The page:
Short Description:   Nature-based solutions are a fundamental pathway to create sustainable and just food systems and solve environmental challenges such as climate change, biodiversity loss, and soil degradation. By prioritizing nature-based solutions, we can ensure that our food systems are resilient, sustainable, and socially just. In this talk, we will discuss the various co-benefits of solutions that work with nature, including increased biodiversity, improved soil health, and enhanced food security and explore ways in which we can prioritize their implementations through regenerative agricultural practices and policies to deliver a sustainable and just future for our food systems and the planet.

Greg Sixt, PhD

Dr. Greg Sixt is Director of the Food and Climate Systems Transformation (FACT) Alliance–– a global network of over 20 leading research institutions and stakeholder organizations led by MIT’s Abdul Latif Jameel Water and Food Systems Lab (J-WAFS) working to shorten the link between research and action.

Short Description:   The presentation will highlight the interconnected challenges between food systems and climate change and the role that collaborative research networks can play in developing solutions. I will introduce the MIT J-WAFS-led Food and Climate Systems Transformation (FACT) Alliance, a global network of over 20 member institutions committed to transforming the sustainability of food systems through collaborative, inclusive, action-oriented research. The presentation will describe the FACT Alliance convergent approach, which integrates diverse research disciplines and includes stakeholders as partners.  I will close by introducing FACT’s inaugural research project, the Jameel Index for Food Trade and Vulnerability, which is building a model to predict global food demand, supply balance, and bilateral trade under different likely future scenarios, with a focus on climate change.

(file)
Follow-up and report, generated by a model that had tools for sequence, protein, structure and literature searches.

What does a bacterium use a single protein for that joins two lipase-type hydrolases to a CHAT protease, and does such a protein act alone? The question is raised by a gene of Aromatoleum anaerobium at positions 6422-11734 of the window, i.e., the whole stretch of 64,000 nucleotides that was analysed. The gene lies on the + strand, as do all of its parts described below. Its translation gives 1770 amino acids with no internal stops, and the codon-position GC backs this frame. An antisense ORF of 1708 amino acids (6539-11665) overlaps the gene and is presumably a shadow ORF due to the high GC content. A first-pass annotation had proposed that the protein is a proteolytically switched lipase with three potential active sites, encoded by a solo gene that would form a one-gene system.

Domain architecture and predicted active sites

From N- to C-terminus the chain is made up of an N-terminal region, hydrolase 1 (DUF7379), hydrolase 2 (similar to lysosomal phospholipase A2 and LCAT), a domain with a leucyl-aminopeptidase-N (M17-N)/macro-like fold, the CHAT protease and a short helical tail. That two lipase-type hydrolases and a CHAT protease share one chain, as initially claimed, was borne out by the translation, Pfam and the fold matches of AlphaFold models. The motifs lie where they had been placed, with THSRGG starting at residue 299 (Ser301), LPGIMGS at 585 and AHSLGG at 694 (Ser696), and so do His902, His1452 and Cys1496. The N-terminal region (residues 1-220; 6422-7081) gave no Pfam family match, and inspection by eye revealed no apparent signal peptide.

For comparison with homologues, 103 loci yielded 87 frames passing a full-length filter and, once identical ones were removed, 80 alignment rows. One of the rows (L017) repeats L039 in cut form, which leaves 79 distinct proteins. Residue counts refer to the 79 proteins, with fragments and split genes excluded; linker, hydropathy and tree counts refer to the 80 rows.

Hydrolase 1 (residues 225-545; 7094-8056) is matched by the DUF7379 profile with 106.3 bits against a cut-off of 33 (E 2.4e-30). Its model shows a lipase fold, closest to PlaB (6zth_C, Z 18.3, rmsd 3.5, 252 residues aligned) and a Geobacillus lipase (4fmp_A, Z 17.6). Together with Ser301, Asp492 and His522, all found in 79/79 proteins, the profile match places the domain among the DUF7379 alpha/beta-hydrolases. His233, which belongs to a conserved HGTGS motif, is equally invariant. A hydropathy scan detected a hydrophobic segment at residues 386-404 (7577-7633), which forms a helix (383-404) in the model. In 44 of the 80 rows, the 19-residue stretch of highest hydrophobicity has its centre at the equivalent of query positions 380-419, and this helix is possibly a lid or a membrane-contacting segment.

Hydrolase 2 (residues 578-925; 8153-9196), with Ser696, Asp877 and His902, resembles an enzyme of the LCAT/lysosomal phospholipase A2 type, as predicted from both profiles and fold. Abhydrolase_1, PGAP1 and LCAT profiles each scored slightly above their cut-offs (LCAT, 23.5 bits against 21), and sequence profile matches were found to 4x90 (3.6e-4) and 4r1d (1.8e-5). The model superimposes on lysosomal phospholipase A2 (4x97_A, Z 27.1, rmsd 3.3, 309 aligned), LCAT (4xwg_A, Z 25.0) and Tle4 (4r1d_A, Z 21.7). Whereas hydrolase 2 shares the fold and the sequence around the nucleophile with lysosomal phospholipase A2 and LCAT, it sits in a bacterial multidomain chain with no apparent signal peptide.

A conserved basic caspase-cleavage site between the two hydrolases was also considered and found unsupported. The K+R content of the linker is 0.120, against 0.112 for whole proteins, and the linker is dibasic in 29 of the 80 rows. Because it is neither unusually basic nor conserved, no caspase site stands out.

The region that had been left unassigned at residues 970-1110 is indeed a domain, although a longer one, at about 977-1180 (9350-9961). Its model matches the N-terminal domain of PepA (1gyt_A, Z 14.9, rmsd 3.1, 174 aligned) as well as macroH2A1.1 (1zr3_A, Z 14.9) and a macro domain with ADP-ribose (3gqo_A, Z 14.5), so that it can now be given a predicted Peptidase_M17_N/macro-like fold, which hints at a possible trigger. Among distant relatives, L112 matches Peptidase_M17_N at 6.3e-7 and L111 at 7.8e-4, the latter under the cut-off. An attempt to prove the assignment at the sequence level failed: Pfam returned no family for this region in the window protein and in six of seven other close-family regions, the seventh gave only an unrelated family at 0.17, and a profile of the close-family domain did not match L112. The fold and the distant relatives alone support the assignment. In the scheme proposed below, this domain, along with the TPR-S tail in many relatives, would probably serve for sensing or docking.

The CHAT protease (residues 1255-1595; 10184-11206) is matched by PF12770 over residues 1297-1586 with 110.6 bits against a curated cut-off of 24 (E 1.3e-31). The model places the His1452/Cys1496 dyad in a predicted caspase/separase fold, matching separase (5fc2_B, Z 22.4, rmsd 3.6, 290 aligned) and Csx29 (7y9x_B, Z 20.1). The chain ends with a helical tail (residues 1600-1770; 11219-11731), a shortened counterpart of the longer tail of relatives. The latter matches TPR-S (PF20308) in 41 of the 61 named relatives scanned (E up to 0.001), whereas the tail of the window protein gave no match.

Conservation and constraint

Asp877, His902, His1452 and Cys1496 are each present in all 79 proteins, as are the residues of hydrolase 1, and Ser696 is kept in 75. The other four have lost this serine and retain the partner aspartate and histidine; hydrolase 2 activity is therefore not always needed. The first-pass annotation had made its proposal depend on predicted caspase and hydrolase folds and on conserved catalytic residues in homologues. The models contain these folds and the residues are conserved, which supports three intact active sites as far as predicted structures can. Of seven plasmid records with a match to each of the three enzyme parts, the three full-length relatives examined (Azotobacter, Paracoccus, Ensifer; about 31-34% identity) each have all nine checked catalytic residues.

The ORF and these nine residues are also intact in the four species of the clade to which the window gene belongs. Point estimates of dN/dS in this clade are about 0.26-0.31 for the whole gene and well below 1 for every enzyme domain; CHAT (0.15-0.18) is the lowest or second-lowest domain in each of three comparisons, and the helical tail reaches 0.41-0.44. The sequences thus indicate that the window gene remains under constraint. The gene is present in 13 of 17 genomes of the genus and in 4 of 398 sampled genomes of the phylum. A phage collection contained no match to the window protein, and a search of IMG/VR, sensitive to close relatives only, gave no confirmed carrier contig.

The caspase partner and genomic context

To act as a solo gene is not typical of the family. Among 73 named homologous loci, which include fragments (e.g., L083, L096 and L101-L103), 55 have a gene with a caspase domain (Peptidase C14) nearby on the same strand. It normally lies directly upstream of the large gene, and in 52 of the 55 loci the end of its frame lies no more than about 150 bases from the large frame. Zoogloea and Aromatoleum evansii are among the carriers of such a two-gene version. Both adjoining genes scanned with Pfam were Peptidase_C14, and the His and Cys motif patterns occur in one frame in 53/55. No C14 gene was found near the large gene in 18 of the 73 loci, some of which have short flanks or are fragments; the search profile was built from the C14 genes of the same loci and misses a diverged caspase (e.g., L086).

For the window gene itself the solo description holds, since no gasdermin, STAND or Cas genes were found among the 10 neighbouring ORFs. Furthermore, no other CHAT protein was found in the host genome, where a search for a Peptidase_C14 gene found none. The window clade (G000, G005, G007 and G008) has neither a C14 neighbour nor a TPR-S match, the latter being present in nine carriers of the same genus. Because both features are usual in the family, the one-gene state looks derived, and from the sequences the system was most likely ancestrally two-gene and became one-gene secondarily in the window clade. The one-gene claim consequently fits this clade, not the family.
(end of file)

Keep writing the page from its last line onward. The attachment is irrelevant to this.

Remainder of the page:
Sebastian Eastham, PhD

Dr. Eastham has worked for over a decade at the intersection of atmospheric science, environmental impact analysis, and aerospace engineering, working to better understand and reduce the atmospheric impacts of anthropogenic emissions using high-resolution computational models of the atmosphere in concert with data from Earth observation assets.

Short Description:   Outdoor air pollution is a clear and urgent example of how global human health is intricately connected to the state of our environment. Exposure to polluted air is the fourth leading cause of early death worldwide, responsible for over 6 million deaths every year. This talk will discuss why this remains true, despite decades of progress on air pollution research in wealthy nations, and why this is a challenge which is being magnified and complicated by global climate change. It will also chart some paths forwards to solve this problem. Results from recent and ongoing research will be shown which demonstrate some of the latest understanding in the relationship between climate, air quality, and public health. This will highlight the need for coordinated interdisciplinary research to connect the human, economic, political, and physical science factors which will be needed to guarantee clean air for all in a changing climate.